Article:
References Cited in the file of this patent UNITED STATES PATENTS 669,425 McAdams Mar. 5, 1901 1,787,942 Kallock Jan. 6, 1931 2,211,813 Franco-Ferreira Aug. 20, 1940 2,278,155 'Steenstrup Mar. 31, 1942 2,464,821 Ludwick et al Mar. 22, 1949 2,717,840 Bosch Sept. 13, 1955 2,846,762 Walker et a1 Aug. 12, 1958 2,872,730 Jones Feb. 10, 1959 2,873,216 Schnable Feb. 10, 1959 OTHER REFERENCES Solders for Aluminum, circular of The Bureau of Standards, No. 78, published by the Dept. of Commerce, Bureau of Standards, Ian. 28, 1919.
Indium and Indium Plating, by M. T. Ludwick, Metal Finishing, January 1942, pp. 13-17.
The Ternary System Indium-Cadmium-Zinc, by S. C. Carapella, Jr. and E. A. Perette, paper presented at the 32nd annual convention of the American Society for Metals, Chicago, October 23 to 27, 1950. i
UNITED STATES PATENTOFFICE v CERTIFICATE OF CORRECTION Patent No. 2352,906 September 20 1960 Ogle R, Singleton Jr,
It is hereby certified that error appears in the above numbered patent requiring correction and that the said Letters Patent should read as corrected below.
Column 4, line 53, for "Mount Vernon, Illinois" read Mount Vernon, Iowa Signed and sealed this 13th day of March 1962.,
(SEAL) Attest:
DAVID L. LADD ERNEST W. SWIDER A t t e 5 ti ng Of f i c e r Commissioner of Patents

Claims (1)

1. THE METHOD OF SOLDERING ALUMINUM TO A METAL SELECTED FROM THE GROUP CONSISTING OF COPPER AND BRASS WHICH COMPRISES COATING THE METAL WITH A SOLDER CONSISTING ESSENTIALLY OF ABOUT 20% TO 95% ZINC AND ABOUT 5% TO 80% CADMIUM TO WHICH HAS BEEN ADDED ABOUT .5% TO 2.5% INDIUM, POSITIONING SAID ALUMINUM AGAINST SAID METAL IN INTIMATE CONTACT WITH SAID SOLDER COATING, APPLYING A SUITABLE FLUX, APPLYING SUFFICIENT HEAT TO CAUSE SAID SOLDER COATING TO FUSE AND COAT SAID ALUMINUM, AND SOLIDIFYING SAILD SOLDER COATING WHILE SAID METAL AND ALUMINUM ARE IN JUXTAPOSITION.
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Cited By (2)

* Cited by examiner, † Cited by third party
Publication number Priority date Publication date Assignee Title
US3374530A (en) * 1965-07-16 1968-03-26 Gen Dynamics Corp Process for the joinder of metallic members
US5822854A (en) * 1994-07-22 1998-10-20 Mitsubishi Denki Kabushiki Kaisha Method of fabricating a heat exchanger for an air conditioner

Citations (9)

* Cited by examiner, † Cited by third party
Publication number Priority date Publication date Assignee Title
US669425A (en) * 1899-06-10 1901-03-05 William A Mcadams Solder.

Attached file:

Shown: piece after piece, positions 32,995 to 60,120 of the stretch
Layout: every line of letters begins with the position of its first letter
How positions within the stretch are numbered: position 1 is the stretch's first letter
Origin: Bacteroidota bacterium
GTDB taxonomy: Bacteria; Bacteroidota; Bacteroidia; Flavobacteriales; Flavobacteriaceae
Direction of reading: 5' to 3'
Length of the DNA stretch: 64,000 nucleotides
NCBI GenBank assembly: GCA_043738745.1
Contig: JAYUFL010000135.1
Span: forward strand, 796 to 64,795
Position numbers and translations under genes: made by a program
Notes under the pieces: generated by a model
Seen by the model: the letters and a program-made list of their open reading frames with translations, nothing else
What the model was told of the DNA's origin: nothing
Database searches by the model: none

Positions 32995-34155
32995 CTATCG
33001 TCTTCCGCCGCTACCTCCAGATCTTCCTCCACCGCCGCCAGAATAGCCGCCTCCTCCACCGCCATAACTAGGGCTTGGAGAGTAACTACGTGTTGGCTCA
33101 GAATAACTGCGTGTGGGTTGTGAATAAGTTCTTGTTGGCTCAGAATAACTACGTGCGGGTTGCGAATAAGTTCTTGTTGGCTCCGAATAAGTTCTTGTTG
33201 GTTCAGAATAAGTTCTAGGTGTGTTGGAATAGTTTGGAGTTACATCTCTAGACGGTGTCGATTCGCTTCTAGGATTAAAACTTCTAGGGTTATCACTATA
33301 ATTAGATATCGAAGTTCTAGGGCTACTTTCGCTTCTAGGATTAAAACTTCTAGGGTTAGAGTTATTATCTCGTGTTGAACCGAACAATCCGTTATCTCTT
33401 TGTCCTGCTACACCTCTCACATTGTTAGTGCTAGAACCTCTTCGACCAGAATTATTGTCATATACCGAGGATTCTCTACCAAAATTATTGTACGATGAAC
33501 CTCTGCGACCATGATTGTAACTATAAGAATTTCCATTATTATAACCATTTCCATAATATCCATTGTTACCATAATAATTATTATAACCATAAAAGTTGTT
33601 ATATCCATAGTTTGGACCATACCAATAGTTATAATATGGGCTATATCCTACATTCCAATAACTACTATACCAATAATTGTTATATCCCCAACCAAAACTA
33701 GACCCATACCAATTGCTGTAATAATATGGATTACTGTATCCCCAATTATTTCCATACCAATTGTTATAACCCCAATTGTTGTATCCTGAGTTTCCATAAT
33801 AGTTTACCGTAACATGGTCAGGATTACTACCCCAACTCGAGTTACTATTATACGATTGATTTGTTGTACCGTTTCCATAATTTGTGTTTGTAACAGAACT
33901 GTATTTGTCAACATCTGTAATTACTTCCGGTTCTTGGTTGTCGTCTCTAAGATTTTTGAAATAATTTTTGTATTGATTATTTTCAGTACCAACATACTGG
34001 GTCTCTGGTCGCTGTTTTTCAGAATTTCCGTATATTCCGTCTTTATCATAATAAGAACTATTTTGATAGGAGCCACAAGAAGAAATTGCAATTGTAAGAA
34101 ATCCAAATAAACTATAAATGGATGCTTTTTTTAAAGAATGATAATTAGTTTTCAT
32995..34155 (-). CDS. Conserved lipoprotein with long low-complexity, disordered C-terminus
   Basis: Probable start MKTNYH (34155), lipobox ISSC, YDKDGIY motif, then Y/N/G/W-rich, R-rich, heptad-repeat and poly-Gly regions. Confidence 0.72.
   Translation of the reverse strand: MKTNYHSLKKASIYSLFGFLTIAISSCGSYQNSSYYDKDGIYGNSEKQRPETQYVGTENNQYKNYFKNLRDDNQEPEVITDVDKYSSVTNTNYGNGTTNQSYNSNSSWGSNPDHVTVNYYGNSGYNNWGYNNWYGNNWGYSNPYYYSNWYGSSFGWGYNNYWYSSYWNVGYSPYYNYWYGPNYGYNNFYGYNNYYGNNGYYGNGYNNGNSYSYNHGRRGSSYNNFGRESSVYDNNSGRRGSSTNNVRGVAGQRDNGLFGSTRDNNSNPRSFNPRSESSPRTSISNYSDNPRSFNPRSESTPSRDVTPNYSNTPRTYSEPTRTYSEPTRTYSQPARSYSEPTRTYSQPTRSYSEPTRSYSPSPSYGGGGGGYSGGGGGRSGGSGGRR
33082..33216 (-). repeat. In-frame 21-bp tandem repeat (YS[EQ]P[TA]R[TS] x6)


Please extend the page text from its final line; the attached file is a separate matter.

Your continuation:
US1787942A (en) * 1928-12-15 1931-01-06 Jr Parker C Kalloch Manufacture of heat-exchange apparatus
US2211813A (en) * 1938-11-19 1940-08-20 Houdaille Hershey Corp Method of making heat exchange devices
US2278155A (en) * 1940-03-01 1942-03-31 Gen Electric Method of making heat exchangers
US2464821A (en) * 1942-08-03 1949-03-22 Indium Corp America Method of preparing a surface for soldering by coating with indium
US2717840A (en) * 1952-02-25 1955-09-13 Fox Wells And Company Method of forming a coating of metal on glass
US2846762A (en) * 1955-02-17 1958-08-12 David E Walker Metal plating process
US2873216A (en) * 1956-03-21 1959-02-10 Philco Corp Method of chemically plating metals
US2872730A (en) * 1954-01-18 1959-02-10 Marley Co Method of producing finned tubing

Patent Citations (9)

* Cited by examiner, † Cited by third party
Publication number Priority date Publication date Assignee Title
US669425A (en) * 1899-06-10 1901-03-05 William A Mcadams Solder.
US1787942A (en) * 1928-12-15 1931-01-06 Jr Parker C Kalloch Manufacture of heat-exchange apparatus
US2211813A (en) * 1938-11-19 1940-08-20 Houdaille Hershey Corp Method of making heat exchange devices
US2278155A (en) * 1940-03-01 1942-03-31 Gen Electric Method of making heat exchangers
US2464821A (en) * 1942-08-03 1949-03-22 Indium Corp America Method of preparing a surface for soldering by coating with indium
US2717840A (en) * 1952-02-25 1955-09-13 Fox Wells And Company Method of forming a coating of metal on glass
US2872730A (en) * 1954-01-18 1959-02-10 Marley Co Method of producing finned tubing
US2846762A (en) * 1955-02-17 1958-08-12 David E Walker Metal plating process
US2873216A (en) * 1956-03-21 1959-02-10 Philco Corp Method of chemically plating metals

Cited By (3)

* Cited by examiner, † Cited by third party
Publication number Priority date Publication date Assignee Title
US3374530A (en) * 1965-07-16 1968-03-26 Gen Dynamics Corp Process for the joinder of metallic members
US5822854A (en) * 1994-07-22 1998-10-20 Mitsubishi Denki Kabushiki Kaisha Method of fabricating a heat exchanger for an air conditioner
US5964284A (en) * 1994-07-22 1999-10-12 Mitsubishi Denki Kabushiki Kaisha Heat exchanger for air conditioner and method of fabricating the heat exchanger